Anti-wind-farm candidate James Delingpole pulls out of Corby by-election, as the town continues to have no wind farms

Delingpole cites "stunningly successful campaign"; others cite desire to avoid losing £500 deposit.

Harry Cole of Guy Fawkes' blog has a quote from anti-green journalist James Delingpole, announcing his withdrawal from the Corby by-election:

What would be the point? John Hayes has just gone and made my every dream come true. I’m overjoyed. In fact, I think I may well have run the most stunningly successful election campaign in the history of elections.

Delingpole, of course, was running as an anti-wind-farm candidate in a constituency without any wind farms. Since Corby still has no wind farms, in a way he has been astonishingly successful, and will doubtless soon be attempting to sell residents of the arctic circle magic amulets which keep away lions – works 100% of the time!

It was always unclear whether Delingpole was running in Corby on local issues or in an attempt to make his voice heard nationally (beyond his already considerable platform as a Telegraph columnist). There are ongoing tussles in Corby around an application to build a wind farm, but since that application hasn't been dropped, it seems Delingpole was just using the by-election as a megaphone, and didn't really care about the situation in Corby at all. Fancy that.

Delingpole cited the anti-wind-farm rhetoric of DECC minister John Hayes, but since Delingpole gave Cole his statement, the DECC secretary of state (Liberal Democrat Ed Davey, who outranks the Conservative minister) has contradicted Hayes. Will Delingpole re-enter the race?

That seems unlikely. As Tim Fenton points out:

Delingpole has withdrawn just before the deadline for submitting nomination papers, which is 1600 hours today (pdf). So he doesn’t have to stump up a £500 deposit, but gets his free publicity. The Fawkes blog item is spin of the most blatant kind: the real story is that James Delingpole never intended to submit himself to the electorate of Corby and East Northamptonshire.

It would be wonderful to know what Delingpole was planning to give as his reason for pulling out before Hayes' comments gave him a convenient excuse. Now, we never shall.

A wind farm, not in Corby. Photograph: Getty Images

Alex Hern is a technology reporter for the Guardian. He was formerly staff writer at the New Statesman. You should follow Alex on Twitter.

How Jim Murphy's mistake cost Labour - and helped make Ruth Davidson

Scottish Labour's former leader's great mistake was to run away from Labour's Scottish referendum, not on it.

The strange revival of Conservative Scotland? Another poll from north of the border, this time from the Times and YouGov, shows the Tories experiencing a revival in Scotland, up to 28 per cent of the vote, enough to net seven extra seats from the SNP.

Adding to the Nationalists’ misery, according to the same poll, they would lose East Dunbartonshire to the Liberal Democrats, reducing their strength in the Commons to a still-formidable 47 seats.

It could be worse than the polls suggest, however. In the elections to the Scottish Parliament last year, parties which backed a No vote in the referendum did better in the first-past-the-post seats than the polls would have suggested – thanks to tactical voting by No voters, who backed whichever party had the best chance of beating the SNP.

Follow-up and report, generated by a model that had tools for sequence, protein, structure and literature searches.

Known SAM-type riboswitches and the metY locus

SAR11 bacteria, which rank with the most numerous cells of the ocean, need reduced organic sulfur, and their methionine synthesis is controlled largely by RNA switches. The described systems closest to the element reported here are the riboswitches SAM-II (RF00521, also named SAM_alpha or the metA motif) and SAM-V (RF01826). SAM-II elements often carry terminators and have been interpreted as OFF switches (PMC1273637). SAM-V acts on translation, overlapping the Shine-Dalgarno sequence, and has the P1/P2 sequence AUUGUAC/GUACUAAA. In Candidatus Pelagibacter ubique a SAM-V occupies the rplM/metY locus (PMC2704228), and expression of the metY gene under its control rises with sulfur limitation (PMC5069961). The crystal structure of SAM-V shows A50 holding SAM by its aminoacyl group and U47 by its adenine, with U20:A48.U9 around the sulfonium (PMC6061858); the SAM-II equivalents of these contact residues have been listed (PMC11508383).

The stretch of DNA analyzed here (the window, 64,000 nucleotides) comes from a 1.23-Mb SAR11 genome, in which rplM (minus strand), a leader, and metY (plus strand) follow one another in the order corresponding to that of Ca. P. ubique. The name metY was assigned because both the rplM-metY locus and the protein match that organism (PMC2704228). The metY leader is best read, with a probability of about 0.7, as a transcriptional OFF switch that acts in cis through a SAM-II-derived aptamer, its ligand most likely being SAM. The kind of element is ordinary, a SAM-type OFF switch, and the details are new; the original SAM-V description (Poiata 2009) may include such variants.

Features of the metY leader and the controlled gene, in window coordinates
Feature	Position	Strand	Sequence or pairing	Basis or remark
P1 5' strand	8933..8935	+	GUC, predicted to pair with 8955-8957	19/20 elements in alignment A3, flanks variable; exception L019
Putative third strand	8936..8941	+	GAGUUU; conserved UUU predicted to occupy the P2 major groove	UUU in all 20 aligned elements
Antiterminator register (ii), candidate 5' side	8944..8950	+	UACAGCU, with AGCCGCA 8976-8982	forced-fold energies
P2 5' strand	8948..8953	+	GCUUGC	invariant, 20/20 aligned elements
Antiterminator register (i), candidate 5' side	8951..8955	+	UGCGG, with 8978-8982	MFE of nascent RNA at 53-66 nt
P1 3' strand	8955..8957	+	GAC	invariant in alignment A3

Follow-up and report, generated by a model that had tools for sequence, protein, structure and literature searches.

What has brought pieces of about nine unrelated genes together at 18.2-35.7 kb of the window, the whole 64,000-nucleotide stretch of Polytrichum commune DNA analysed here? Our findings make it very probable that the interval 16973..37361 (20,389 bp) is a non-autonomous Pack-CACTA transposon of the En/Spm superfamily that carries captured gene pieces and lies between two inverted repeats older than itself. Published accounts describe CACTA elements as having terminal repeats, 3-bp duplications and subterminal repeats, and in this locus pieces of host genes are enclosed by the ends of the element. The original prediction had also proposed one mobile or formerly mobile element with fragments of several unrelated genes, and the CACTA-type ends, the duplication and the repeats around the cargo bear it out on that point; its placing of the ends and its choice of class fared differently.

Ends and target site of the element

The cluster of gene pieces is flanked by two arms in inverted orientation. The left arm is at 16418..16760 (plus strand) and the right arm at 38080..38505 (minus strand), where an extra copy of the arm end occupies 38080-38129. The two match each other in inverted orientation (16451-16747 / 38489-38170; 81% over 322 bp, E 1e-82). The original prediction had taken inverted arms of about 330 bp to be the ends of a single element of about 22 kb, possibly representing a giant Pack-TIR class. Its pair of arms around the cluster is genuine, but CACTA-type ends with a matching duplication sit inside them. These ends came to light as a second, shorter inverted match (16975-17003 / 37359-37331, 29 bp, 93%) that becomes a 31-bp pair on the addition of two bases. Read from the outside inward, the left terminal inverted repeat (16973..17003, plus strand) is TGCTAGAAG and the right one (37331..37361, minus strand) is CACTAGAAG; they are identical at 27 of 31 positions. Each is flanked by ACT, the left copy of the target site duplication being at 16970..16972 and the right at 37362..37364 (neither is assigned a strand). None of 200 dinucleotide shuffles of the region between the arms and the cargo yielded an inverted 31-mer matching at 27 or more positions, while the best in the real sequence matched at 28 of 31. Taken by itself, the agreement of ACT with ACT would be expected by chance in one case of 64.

The strategic insight of Ruth Davidson, the Conservative leader in Scotland, was to to recast her party as the loudest defender of the Union between Scotland and the rest of the United Kingdom. She has absorbed large chunks of that vote from the Liberal Democrats and Labour, but, paradoxically, at the Holyrood elections at least, the “Unionist coalition” she assembled helped those parties even though it cost the vote share.

The big thing to watch is not just where the parties of the Union make gains, but where they successfully form strong second-places against whoever the strongest pro-Union party is.

Davidson’s popularity and eye for a good photo opportunity – which came first is an interesting question – mean that the natural benefactor in most places will likely be the Tories.

But it could have been very different. The first politician to hit successfully upon the “last defender of the Union” routine was Ian Murray, the last Labour MP in Scotland, who squeezed both the  Liberal Democrat and Conservative vote in his seat of Edinburgh South.

His then-leader in Scotland, Jim Murphy, had a different idea. He fought the election in 2015 to the SNP’s left, with the slogan of “Whether you’re Yes, or No, the Tories have got to go”.  There were a couple of problems with that approach, as one  former staffer put it: “Firstly, the SNP weren’t going to put the Tories in, and everyone knew it. Secondly, no-one but us wanted to move on [from the referendum]”.

Then again under different leadership, this time under Kezia Dugdale, Scottish Labour once again fought a campaign explicitly to the left of the SNP, promising to increase taxation to blunt cuts devolved from Westminster, and an agnostic position on the referendum. Dugdale said she’d be open to voting to leave the United Kingdom if Britain left the European Union. Senior Scottish Labour figures flirted with the idea that the party might be neutral in a forthcoming election. Once again, the party tried to move on – but no-one else wanted to move on.

How different things might be if instead of running away from their referendum campaign, Jim Murphy had run towards it in 2015. 

Stephen Bush is special correspondent at the New Statesman. His daily briefing, Morning Call, provides a quick and essential guide to British politics.

0800 7318496